Similarly, the final confrontation between Macbeth and Macduff takes place in the reddening smog of a burning forest, hiding everything but the two combatants from our sight and throwing a malicious red glow upon them, as if their battle takes place over the mouth of hell itself. It’s a wonderful visual metaphor considering the film’s use of religious imagery and the Macbeths’ complex relationship with their faith, and makes for a stylish and visually awe-inspiring, almost fantastical finale, reminiscent of the similarly hellish, crimson final frame of Red Sorghum (Zhang Yimou, 1987), which also showed war in an unpatronising and horrific way. Interestingly, this powerful blood-red is seen only in this scene, the opening titles, and in the murder of King Duncan; despite the amount of bloody violence and gruesome deaths, actual gore is generally kept to a tasteful minimum, used sparingly to retain its visual impact. Duncan’s murder is a turning point for the story, the moment when Macbeth takes fate into his own hands and physically sets himself on a path to ruin. The finale is of equal importance, as all of Macbeth’s mistakes become manifest, and he is punished for his moral failures. Justice is done, Macduff kills Macbeth, and leaves his body on the plains before Dunsinane Hill as a red sun fills the sky.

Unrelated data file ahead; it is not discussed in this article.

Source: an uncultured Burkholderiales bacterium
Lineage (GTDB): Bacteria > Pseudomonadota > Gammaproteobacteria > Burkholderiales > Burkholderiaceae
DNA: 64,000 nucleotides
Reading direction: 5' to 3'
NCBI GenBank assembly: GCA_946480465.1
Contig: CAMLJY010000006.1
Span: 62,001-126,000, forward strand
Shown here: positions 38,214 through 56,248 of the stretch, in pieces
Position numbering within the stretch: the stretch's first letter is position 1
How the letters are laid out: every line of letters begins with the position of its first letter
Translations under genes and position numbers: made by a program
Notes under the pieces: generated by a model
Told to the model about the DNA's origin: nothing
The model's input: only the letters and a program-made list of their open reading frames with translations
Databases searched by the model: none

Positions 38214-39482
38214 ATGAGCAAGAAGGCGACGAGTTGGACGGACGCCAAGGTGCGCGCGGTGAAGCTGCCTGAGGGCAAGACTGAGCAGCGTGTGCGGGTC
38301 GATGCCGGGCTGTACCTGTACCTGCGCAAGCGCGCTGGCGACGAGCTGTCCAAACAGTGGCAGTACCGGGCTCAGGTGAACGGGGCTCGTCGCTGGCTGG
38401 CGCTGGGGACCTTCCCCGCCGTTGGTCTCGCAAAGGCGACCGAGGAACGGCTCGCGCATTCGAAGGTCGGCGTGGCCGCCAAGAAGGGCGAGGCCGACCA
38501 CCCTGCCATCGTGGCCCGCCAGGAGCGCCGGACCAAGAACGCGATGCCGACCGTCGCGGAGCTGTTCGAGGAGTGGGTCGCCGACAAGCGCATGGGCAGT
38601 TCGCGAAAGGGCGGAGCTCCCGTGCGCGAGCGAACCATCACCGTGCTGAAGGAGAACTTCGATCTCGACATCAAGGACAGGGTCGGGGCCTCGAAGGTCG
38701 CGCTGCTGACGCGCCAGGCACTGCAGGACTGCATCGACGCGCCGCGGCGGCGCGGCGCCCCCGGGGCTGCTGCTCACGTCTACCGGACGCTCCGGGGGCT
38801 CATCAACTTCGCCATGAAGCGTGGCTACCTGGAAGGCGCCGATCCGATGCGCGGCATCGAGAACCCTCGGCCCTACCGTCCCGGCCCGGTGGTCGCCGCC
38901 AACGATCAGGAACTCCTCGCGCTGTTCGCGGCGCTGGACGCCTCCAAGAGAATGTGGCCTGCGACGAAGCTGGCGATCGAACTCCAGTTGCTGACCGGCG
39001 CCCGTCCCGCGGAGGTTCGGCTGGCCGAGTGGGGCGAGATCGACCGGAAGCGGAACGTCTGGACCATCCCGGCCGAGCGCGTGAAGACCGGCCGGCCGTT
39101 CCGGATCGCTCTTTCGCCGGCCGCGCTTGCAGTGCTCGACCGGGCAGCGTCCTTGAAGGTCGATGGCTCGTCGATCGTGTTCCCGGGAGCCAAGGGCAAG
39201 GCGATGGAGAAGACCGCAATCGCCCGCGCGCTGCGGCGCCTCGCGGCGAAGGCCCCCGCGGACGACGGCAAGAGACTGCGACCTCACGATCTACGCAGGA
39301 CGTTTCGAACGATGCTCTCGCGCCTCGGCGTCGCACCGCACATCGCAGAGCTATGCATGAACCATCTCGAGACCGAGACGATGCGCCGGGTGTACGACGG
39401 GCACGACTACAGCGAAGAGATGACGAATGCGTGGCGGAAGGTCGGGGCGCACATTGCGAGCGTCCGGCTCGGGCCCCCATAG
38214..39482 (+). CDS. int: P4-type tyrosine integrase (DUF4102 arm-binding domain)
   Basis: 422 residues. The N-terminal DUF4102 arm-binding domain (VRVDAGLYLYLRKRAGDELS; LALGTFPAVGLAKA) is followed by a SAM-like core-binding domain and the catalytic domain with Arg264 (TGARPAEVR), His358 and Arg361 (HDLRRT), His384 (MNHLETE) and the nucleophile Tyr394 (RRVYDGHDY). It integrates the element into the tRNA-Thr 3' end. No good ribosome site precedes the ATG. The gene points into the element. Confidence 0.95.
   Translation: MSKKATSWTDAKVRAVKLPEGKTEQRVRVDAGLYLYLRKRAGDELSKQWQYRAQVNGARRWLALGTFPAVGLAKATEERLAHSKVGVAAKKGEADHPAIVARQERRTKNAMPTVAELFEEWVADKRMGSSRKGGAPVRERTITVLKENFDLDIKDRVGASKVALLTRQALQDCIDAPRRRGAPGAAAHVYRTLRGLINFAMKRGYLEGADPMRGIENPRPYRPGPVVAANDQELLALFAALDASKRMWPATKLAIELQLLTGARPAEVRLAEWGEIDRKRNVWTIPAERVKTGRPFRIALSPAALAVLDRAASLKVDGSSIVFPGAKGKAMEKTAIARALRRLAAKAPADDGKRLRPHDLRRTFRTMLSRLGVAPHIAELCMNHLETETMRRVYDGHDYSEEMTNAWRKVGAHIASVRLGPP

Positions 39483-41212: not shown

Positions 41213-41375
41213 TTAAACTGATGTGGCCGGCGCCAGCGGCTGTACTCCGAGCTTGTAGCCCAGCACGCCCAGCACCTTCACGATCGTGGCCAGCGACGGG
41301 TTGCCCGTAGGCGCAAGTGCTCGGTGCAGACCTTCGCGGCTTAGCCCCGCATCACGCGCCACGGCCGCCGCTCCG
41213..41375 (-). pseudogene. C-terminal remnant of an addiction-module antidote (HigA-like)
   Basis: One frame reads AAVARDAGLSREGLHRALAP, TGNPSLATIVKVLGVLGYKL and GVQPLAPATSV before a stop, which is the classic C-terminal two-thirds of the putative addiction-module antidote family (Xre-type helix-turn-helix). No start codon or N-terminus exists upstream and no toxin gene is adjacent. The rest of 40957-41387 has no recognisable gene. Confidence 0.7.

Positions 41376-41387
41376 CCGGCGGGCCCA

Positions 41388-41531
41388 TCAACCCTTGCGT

Despite all of this, I have one rather large criticism with the film, one that I found distracting to the point of actually degrading my experience of the piece: mumbling. Shakespeare’s writing is beautiful, and the film consistantly stays loyal to the original text. However, the beauty is in how it is heard, how it is performed, and yet even Fassbender is guilty of fumbling with many of his lines. The rhythmic intonation and delivery is there, but in many cases it is inaudible - often detracting from the emotional value of the characters’ speech, particularly in the cases of Marion Cotillard and Paddy Considine - and when the film is drawing so heavily from such a triumphant work of lyrical art, it just feels like, pardon the pun, wasted breath. Only a few scenes (such as the banquet hall, when Macbeth sees the ghost of Banquo) break this pattern, and when the film is already carried by characters with thick, Scottish accents, the sheer volume of mumbled lines makes large swathes of the story difficult to follow.